Middle East conflict gives rise to work, doc of peace

Middle East conflict gives rise to work, doc of peace

CHAMPAIGN — Co-director/cinematographer Andrew Young admitted after his new documentary "Disturbing the Peace" was shown Friday at Ebertfest that he had felt anxious and fearful every time he traveled to the Mideast to shoot it.

But when he returned from the region, one of the most conflicted in the world, he felt elevated and hopeful because of the work being done by Combatants for Peace, the subjects of his and co-director Stephen Apkon's documentary.

The group is made up of members of elite Israeli forces and Palestinians, many of whom fought the Israelis and spent time in prison.

Feeling personal transformations themselves and ultimately concluding violence begets more violence, they began working together toward peace.

"They have jobs and family but are tireless and staying with this even when beaten down by their societies," Young said during the post-screening discussion at the Virginia Theatre.

It was the first public showing of the new documentary, brought here by Chaz Ebert. She had seen it at a special screening in New York in March.

She was so moved she wanted to bring it to Ebertfest and to give Apkon and Young the first Roger Ebert Humanitarian Award.

The documentary, the fifth movie of the festival's 12-film lineup, received the most sustained applause so far at the 18th edition of Ebertfest.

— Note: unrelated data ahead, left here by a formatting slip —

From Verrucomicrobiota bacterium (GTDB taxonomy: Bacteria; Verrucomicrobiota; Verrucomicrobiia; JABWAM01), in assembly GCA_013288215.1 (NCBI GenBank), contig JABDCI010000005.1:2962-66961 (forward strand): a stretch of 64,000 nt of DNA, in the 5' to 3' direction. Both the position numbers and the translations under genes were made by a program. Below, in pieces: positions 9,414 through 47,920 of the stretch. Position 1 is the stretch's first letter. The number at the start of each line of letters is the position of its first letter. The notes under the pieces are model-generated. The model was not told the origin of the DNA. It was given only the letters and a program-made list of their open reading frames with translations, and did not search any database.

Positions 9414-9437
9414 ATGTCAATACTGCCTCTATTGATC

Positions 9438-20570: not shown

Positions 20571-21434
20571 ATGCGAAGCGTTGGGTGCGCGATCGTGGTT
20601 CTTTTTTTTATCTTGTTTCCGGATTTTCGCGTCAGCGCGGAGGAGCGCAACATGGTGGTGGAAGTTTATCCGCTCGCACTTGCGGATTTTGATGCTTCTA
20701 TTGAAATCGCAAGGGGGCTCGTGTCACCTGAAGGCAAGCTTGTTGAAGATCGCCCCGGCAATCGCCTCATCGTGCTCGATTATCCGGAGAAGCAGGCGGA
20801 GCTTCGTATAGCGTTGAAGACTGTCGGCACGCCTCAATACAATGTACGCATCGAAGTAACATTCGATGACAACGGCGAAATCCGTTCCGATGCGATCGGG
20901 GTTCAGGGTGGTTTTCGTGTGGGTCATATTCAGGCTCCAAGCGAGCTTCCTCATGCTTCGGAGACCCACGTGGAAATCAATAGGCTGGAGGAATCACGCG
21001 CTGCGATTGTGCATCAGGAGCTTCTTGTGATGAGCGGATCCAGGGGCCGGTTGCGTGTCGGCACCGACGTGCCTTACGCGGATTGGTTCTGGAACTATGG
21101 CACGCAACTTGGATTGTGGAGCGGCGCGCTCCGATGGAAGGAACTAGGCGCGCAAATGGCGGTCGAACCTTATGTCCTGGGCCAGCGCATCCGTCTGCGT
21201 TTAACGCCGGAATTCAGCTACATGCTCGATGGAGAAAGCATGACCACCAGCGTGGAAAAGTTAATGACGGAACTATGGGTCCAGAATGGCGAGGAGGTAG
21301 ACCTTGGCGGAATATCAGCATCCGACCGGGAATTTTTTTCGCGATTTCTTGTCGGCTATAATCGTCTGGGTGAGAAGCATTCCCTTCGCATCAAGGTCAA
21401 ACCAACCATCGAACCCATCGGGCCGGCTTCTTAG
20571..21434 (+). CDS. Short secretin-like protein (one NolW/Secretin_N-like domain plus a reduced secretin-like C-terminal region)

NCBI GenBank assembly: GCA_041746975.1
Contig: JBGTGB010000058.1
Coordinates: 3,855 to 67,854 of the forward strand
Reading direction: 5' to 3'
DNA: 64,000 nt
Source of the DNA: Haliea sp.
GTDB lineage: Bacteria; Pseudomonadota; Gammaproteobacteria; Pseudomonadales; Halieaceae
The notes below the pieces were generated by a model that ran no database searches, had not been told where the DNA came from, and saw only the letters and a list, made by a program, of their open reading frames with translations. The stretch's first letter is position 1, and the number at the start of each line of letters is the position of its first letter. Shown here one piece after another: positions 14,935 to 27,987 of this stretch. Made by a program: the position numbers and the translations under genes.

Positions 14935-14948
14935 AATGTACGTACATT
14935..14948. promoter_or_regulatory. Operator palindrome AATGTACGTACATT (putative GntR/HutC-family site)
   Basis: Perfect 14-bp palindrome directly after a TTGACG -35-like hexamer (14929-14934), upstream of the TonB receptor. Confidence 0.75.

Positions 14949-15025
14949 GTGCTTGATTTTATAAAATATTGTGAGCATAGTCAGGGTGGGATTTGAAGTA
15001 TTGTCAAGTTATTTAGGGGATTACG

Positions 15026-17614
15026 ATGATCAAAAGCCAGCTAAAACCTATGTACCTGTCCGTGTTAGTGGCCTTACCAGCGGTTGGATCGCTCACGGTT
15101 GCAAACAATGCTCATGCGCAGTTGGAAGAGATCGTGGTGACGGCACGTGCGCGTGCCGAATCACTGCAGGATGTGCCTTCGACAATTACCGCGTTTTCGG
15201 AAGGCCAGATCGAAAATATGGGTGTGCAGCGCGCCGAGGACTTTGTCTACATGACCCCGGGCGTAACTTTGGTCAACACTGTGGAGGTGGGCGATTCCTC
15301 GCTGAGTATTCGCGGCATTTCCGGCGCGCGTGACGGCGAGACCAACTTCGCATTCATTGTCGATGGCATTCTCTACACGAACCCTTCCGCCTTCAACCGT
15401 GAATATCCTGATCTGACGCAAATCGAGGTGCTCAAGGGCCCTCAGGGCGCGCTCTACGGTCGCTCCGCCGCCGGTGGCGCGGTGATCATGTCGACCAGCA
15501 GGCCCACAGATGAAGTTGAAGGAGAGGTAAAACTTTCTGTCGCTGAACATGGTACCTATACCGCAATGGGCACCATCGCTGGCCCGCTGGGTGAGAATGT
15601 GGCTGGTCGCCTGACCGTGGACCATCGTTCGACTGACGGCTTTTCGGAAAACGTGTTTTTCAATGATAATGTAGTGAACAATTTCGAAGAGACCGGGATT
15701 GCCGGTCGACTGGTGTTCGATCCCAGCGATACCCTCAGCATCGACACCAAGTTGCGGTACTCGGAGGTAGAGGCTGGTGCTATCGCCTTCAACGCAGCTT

And the filmmakers — Apkon, Young and story consultant Marcina Hale and two of their subjects — Israeli Chen Alon and Palestinian Sulaiman Khatib — received a standing ovation as they came on stage.

Ebert invited 20 random people in the audience to join them on stage to show solidarity with the efforts of the other members of Combatants for Peace.

The documentary will premiere this summer. Apkon said he hopes to show it at festivals and then at synagogues, mosques, universities and other venues to create dialogue.

The 90-minute documentary opens with footage of the West Bank in 2005, showing images familiar to anyone who watches newscasts from the region.

In talking-head interviews, Alon talks about how his grandfather, an ardent Zionist, left Poland in the 1930s and how all of his family left behind did not survive the Holocaust.

Palestinian Jamil Qassas tells of how his family was forced out of their village by Israeli forces in 1948. His grandfather refused to leave and was killed in his house.

Qassas, who did not travel to Ebertfest, eventually became a freedom fighter and then, like Alon, a member of Combatants for Peace.

For his resistance toward the Israeli occupation, Khatib spent time in prison, where he and other inmates began learning about the teachings of Martin Luther King Jr., Mahatma Gandhi and other peace activists.

He tells of how moved he and other prisoners were by watching Steven Spielberg's Holocaust film "Schindler's List."

In prison he also attended a Revolutionary University, learning about both peaceful and other revolutionaries such as Che Guevara.

Khatib began reading Hebrew media and learning more about Israel.